In other parts the walls had been rebuilt, but the ragged hawkweed, the elegant fern, the blotched veitch embellished most of the ancient structure.

Francis told Barbara that his work on the chapel was largely the result of whim and very costly. Therefore, he felt that he could not overcharge his uncle's generosity. He only put in practice, now and then, the plans and drawings he delighted to make. He was not reconstructing the chapel, that would have been too easy, but using it as a basis for fantasy.

They entered the ruined church. It had no meaning for Barbara. The natural beauty of the scene impinged on the forsaken place of worship. She was conscious most of all of the sunshine and the flowers that seemed to enchain her to earth. Here it was impossible to think of heaven. There seemed nothing left to desire, nothing left to pray for. Francis conducted her up the wooden stairs that led to the scaffolding behind the Eastern window. There, on a platform, they could look out across a far perspective, beyond the yellowing oaks in the hollow, and see woods, meadows, reaped cornfields spread in a level radiance.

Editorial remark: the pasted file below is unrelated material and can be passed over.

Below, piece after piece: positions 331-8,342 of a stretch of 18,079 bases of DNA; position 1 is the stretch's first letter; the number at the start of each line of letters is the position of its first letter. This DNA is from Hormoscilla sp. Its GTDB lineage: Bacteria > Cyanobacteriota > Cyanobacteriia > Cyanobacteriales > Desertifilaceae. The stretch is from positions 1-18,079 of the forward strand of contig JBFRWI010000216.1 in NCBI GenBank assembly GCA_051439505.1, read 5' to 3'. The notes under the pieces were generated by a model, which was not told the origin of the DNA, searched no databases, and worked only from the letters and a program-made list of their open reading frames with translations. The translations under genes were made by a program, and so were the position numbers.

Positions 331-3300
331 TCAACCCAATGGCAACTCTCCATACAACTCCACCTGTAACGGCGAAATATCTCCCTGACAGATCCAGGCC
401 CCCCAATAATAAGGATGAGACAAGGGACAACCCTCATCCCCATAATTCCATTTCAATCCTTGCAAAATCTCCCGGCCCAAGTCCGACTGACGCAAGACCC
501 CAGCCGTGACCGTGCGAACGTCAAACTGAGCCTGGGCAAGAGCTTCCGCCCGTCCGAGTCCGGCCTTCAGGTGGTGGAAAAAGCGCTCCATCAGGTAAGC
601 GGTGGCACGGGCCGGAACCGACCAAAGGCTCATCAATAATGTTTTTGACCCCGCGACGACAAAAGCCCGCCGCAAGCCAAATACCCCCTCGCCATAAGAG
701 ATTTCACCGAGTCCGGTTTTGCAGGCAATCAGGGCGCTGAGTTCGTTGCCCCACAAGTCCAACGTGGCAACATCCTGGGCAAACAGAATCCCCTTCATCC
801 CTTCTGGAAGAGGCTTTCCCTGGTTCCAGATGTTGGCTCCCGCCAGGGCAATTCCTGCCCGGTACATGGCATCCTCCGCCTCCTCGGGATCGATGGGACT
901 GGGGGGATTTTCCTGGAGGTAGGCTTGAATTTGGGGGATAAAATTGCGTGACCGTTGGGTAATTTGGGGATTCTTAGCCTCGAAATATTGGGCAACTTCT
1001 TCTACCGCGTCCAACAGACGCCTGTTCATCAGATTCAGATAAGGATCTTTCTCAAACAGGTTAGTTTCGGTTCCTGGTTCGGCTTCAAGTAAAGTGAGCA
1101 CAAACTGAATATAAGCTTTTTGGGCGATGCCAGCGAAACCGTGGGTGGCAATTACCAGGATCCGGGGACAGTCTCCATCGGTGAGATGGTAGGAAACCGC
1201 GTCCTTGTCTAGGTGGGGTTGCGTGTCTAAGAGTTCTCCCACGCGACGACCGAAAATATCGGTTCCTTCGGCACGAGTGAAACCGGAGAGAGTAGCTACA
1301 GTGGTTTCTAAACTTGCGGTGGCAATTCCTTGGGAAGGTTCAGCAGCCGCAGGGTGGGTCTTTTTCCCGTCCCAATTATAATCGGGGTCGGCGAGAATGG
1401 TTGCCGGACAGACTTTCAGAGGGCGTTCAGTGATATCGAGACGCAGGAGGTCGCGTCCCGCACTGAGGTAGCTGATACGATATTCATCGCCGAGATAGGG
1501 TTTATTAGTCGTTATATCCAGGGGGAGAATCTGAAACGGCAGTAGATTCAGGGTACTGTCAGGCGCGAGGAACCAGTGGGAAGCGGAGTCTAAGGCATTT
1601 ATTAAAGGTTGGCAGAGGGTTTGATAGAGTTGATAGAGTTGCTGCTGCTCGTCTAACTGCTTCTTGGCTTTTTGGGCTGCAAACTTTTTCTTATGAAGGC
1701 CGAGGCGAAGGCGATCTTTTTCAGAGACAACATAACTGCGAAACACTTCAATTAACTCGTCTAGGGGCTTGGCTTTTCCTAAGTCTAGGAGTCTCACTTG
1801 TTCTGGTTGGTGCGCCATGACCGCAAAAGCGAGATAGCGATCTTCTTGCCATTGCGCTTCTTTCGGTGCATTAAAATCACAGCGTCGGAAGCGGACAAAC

Barbara thought, Why am I not more moved, standing here with Francis? Why do I only notice the scene? He is going to ask me to be his wife and I shall be most happy. I must be entranced with joy, afterwards I shall remember every second of this—

"Do you feel giddy?" he asked. "There is a steep drop through the window—I recall that you felt giddy in the Blacksmith's Shop."

"No, I had not even considered it." Barbara rested her hand on the sharp curve of the stone tracery and looked out across the lovely prospect; clear of the circling framework, she could see a wide campaign.

"But it is dangerous," said Francis. "Give me your hand." They descended, and stood in the grassy aisle, the light was receding from the clear sky above their heads as they paced up and down.

"Barbara, you are such a dear creature," he said tenderly. "I hope that you will always think well of me. I hope that you will always be a friend of mine even if you don't think well of me."

"Of course. I have every reason to be grateful to you."

"Don't say any more, Barbara. I am impelled to be candid with you, because I respect you so much. I was going to have asked you to be my wife."

She felt a chill, a darkening, but forced herself to keep step with him, pace by pace across the late summer grass.

"Perhaps you would, in your innocent kindness, have agreed. It would have been wrong for both of us."

"Oh, what is it!" The exclamation broke from her and she put her left hand to her eyes.